Why has environmentalism not had a greater impact on development policy and people’s lives? This critical question has been neglected both by environmentalists and social scientists. Many activists and scholars have taken upon themselves the burden of the environmental argument against conventional development. Therefore the book shares these concerns and also takes an introspective look at environmentalism itself, and its impact on development.

The environmental movement is not homogenous. It encompasses many shades of green and diversity of views and ideological positions. This book unravels the different strands of reasoning and emotions that shroud the environmental debate.

The process of development involves structural transformations in the organization of society and the economy. Such a process cannot take place without altering relationships of dominance and subordination, or affecting the interests of different groups within society. Therefore, questions regarding the character, direction and pace of development are described as fundamentally political questions here.

Sumi Krishna clearly mentions that people’s lives are the heart of the matter, and the focus of the prelude to Environmental Politics. This leads to the analysis in the rest of the book which is structured into parts. Part 1 deals with kaleidoscope of environmental approaches and strategies, their strengths and weaknesses. The concern in these chapters is to analyse the fuzziness and contradictions within Indian environmentalism. The focus shifts in part 2, where the concern is with different environmental approaches and some critical development issues such as population, technology and resource use. There is no single theme in part 2, but a wider variety of empirical situations are covered.

The different threads of part 1 and part 2 are drawn together in part 3, which goes back to the question: Why has Indian Environmentalism not had a greater impact on development policy?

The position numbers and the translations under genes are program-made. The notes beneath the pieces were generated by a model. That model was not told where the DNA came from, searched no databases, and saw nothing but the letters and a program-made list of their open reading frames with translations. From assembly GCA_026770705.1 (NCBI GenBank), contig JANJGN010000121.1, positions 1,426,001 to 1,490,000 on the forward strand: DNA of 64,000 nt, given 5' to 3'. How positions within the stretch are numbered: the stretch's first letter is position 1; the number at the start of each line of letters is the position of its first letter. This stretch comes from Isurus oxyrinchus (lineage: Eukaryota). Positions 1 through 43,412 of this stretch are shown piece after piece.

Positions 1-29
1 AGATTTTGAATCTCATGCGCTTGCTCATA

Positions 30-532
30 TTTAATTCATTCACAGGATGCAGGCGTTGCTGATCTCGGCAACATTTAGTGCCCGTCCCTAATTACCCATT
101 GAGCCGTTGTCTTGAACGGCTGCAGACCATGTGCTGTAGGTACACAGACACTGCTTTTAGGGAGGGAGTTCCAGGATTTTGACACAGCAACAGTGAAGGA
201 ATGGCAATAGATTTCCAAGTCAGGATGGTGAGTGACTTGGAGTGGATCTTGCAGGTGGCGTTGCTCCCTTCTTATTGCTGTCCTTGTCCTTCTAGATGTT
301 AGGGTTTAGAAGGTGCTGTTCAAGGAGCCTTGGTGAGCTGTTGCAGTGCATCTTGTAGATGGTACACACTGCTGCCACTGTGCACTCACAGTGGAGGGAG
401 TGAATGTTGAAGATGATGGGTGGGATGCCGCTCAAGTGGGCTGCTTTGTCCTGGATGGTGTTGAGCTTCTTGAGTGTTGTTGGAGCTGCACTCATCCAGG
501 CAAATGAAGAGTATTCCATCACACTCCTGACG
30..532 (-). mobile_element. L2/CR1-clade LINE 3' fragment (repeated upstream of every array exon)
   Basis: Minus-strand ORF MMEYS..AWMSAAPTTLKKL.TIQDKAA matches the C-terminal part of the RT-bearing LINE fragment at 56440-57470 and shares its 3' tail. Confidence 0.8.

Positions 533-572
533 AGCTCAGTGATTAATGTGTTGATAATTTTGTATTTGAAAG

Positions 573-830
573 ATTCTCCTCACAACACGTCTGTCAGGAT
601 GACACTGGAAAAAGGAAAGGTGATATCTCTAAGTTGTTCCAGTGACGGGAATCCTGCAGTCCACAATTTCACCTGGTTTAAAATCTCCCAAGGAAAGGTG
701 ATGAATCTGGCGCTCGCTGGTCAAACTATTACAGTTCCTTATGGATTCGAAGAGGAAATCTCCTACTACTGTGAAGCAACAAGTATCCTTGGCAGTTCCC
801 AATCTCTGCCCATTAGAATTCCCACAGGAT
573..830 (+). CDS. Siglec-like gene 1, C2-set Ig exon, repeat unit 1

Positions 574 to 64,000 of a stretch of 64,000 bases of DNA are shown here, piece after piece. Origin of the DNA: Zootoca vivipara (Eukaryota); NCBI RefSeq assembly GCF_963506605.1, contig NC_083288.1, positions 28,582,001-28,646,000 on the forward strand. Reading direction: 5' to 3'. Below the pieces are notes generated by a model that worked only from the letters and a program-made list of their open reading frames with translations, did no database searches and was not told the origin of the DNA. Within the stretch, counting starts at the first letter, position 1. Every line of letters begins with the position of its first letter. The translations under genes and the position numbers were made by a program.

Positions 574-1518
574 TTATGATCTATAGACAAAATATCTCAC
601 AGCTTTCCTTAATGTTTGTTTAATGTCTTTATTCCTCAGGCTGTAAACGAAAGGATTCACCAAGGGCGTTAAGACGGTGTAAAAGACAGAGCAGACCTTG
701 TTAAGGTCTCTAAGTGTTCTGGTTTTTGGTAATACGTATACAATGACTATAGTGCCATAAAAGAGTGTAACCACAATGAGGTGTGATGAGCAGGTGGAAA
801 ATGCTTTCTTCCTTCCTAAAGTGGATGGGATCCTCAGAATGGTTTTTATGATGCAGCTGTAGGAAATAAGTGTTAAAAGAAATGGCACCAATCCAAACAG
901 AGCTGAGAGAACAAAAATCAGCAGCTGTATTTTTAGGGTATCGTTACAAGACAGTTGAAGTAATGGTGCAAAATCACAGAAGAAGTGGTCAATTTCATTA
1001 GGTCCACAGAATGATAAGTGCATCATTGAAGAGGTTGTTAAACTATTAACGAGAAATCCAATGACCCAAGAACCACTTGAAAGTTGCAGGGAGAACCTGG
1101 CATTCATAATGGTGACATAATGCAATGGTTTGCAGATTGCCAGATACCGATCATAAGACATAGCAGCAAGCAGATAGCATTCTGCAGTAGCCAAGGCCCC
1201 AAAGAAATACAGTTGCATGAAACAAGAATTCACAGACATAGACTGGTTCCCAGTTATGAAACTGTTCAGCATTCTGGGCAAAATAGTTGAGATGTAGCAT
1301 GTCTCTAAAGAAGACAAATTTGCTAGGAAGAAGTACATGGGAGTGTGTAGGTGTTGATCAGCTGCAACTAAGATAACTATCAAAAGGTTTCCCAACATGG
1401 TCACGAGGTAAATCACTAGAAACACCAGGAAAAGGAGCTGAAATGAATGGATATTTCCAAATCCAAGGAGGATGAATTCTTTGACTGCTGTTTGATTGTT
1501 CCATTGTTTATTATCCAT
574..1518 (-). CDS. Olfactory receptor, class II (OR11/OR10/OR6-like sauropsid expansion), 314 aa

Sumi, gives a clear overview of ideas, attitudes and sentiments that colour the environmental debate in India. She has identified three broad bands in this spectrum: the popular, the managerial and progressive approaches. These approaches can be most easily distinguished by their positions on the acid question of whether development is the cause of, or the cure for, environmental ills.
The book also relates the theoretical debate and different environmental approaches to the specific problems of development in Bastar, Madhya Pradesh. There is an emphasis on the role of the caste system and of women in nurturing biological diversity and promotion of community participation.

Many misconceptions have mushroomed around the issues od technology and population. There is an overview of the debate on environment and population.  Are environmental managers justified in viewing population control as an overwhelming priority? Or are populists right in seeing technological choices and levels of resource consumption as of primary importance? What about gender perspective?

Sumi has concentrated on the arguments over intensive agricultural technology and big damns, because of their central position in the economy and food production system.

The book widens the focus to the problems of sustainability and equity. Is sustainable development more than a buzz phrase? Is development without growth a realistic proposition? Can we predict the environmental impact of the economic transformation that India is now undergoing? These questions lead to a discussion of the contemporary debate on biotechnology and intellectual property.

Finally, the theme that is an undercurrent throughout the book is the preoccupation with symbols rather than structures. It examines how the rhetoric and the myths of environmentalism evolve, and how we can get beyond them.
The book was written during 1992-94, but the analysis has matured over more than two decades of being both a participant in, and an observer of the environmental debate. In this book, Sumi , has drawn upon her own work in the field and the methodologies of development journalism and social science research, which she believes to have helped in enriching her perspective.

The book concentrates more on national problems rather than international, the debate on forests and natural resources and not global warming and the ozone hole. In cases where literature is incomplete the author has not hesitated to go over ‘old stories’ such as the Chipko struggle or the controversies over the pine project in Bastar.
Environment development is such a vast field that it is difficult to discuss all the major problems in a single book. Instead of touching upon a large number of issues superficially, the author has been selective in concentrating on some problems more than the others. As a result, Environment politics scarcely touches upon settlements, energy and pollution.

This book is not intended to provide any sort of blue prints for the future. It is only an attempt to understand why despite our long heritage of answers, the questions still remain. Is it because we have asked the wrong questions, built models based on our answers and then puzzled ourselves over how to make the models work better? Should we, then, begin to change the question?

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